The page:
Most of us think of the gospel in its essence: the announcement of good news found in the death and resurrection of Jesus Christ, the Son of God. But in a world that doesn’t know the biblical story, it’s vital we also share the good news as the epic story it is.
When I witness, I like to share Christ by connecting our conversation to the great story of Scripture—from creation to the fall, from our rescue in Christ to our hope of restoration.
This allows me to connect the story of God’s redemption to everyday life. One way I do this is by showing how movie plotlines relate to the gospel with young adults. Look for ways to have conversations with the unchurched about their ultimate purpose in life and God’s plan for all of us.
3. Connect the story to their everyday life experiences.
In everyday conversations, people talk about their pain or their passion. When we talk about these things, it allows me to relate their story (and mine) to the gospel story.
If we talk about pain, I talk about the obvious brokenness in our world through sin, and I point them to the hope we have in Christ’s work on the cross and the resurrection.
If we talk about their passion—their hopes, dreams, or plans—I point them to God’s great design in creation and how He put those desires in our hearts when He made us in His image.
4. Start in their worldview, not yours.
I don’t find people are any less interested in talking about spiritual things today than 25 years ago. I do find that people know the Bible less now than then. We can’t assume the people we meet know what we know about the Bible.
Like Jesus in John 4 with the woman at the well (starting with water at the well), or Peter in Acts 2 with a Jewish audience (starting with Messianic hope), or Paul at Mars Hill in Acts 17 with philosophers (starting with a common belief in creation), we would do well to start with people’s own beliefs when sharing Christ.
Every person has been created in the image of God and—though lost—can see truth. In conversations we can start with what they see and talk them to the gospel.
This includes thinking less of trying to prove Christianity intellectually and more of showing the change Christ makes. Most unchurched people I meet aren’t asking whether you can prove Christianity—they are asking whether you can live it.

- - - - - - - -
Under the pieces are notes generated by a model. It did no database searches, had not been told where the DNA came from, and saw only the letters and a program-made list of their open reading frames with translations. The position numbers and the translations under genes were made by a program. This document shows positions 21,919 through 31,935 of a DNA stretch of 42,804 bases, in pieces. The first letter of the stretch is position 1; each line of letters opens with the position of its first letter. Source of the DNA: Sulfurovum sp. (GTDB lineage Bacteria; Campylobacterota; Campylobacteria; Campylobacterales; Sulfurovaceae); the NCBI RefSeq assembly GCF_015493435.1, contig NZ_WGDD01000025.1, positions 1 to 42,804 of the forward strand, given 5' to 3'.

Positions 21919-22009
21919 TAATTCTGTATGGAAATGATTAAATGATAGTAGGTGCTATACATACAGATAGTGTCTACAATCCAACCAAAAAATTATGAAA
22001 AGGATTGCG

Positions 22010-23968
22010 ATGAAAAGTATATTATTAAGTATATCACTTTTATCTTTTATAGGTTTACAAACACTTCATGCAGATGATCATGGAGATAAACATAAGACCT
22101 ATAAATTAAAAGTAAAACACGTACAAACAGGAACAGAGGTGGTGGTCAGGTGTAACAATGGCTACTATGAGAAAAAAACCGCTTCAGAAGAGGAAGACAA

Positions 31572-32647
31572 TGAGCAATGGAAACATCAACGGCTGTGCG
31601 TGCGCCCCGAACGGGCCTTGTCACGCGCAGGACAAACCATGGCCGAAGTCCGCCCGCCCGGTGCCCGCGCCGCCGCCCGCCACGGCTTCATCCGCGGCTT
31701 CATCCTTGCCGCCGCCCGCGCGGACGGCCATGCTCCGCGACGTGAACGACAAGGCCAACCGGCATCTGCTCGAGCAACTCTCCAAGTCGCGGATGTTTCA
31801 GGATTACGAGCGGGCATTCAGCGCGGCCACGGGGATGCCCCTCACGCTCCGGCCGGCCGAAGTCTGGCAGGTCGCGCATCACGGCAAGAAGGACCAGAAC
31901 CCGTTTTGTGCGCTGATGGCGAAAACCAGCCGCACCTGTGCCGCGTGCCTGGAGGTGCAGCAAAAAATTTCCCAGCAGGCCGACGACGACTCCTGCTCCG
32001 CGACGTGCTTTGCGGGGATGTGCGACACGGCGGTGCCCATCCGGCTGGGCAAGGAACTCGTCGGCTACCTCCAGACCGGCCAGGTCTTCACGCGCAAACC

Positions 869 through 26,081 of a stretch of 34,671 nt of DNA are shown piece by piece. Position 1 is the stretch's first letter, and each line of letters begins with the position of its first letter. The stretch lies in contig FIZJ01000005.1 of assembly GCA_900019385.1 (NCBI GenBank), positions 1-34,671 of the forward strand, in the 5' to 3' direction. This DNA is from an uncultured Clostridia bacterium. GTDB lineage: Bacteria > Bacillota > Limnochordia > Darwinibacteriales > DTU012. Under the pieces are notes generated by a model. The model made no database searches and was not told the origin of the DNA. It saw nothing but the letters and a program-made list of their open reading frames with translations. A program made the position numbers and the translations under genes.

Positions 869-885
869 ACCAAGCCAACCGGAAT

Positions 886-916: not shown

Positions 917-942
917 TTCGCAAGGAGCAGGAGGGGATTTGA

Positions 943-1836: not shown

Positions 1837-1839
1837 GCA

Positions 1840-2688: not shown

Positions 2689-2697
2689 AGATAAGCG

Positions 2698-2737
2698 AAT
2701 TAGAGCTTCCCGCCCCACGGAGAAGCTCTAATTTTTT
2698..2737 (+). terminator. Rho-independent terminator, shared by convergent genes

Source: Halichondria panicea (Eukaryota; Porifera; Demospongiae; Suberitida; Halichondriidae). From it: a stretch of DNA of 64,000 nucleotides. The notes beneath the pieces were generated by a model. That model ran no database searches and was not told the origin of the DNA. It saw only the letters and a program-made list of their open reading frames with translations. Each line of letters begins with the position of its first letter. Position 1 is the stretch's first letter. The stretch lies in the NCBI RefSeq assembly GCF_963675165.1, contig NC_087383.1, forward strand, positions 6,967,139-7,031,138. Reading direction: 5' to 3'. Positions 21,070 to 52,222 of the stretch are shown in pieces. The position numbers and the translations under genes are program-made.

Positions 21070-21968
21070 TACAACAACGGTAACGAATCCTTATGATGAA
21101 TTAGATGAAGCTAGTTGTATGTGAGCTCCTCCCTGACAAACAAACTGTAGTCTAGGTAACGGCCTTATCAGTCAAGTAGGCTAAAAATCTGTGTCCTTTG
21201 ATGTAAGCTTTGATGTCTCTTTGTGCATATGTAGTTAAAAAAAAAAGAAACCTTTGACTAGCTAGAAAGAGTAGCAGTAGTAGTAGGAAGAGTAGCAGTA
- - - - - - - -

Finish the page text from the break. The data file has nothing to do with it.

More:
5. Don’t just invite them to church—invite them into your lives and your community.
We live in a world connected like never before yet lacking in real community. The young professionals ministry at my church has seen authentic community as a huge part of our effectiveness.
Unchurched people were asked whether they’d be likely to attend if someone they knew invited them to activities sponsored by a local Christian church. They were most likely to attend events that had a strong connection to their communities.
The findings, shown on the facing page, confirm what I see as I interact with unchurched people personally. When we show them how our faith in Jesus makes a difference in our communities and our everyday lives, they are more interested.
The unchurched today are less concerned about the afterlife and more focused on dealing with an overloaded, too-busy society. When we show and share how our relationship with Jesus brings joy in our everyday lives, the people we know who aren’t in our churches will take notice.
Don’t buy the negative rhetoric: Our society has not suddenly plunged into an abyss of secularism and atheism, leaving a culture of spiritually walking dead with no interest in the claims of Christ. You and I live in a mission field. Life is a mission trip—take it, and start today!
ALVIN REID is senior professor of Evangelism and Student Ministry at Southeastern Baptist Theological Seminary in Wake Forest, North Carolina, and author of Sharing Jesus Without Freaking Out.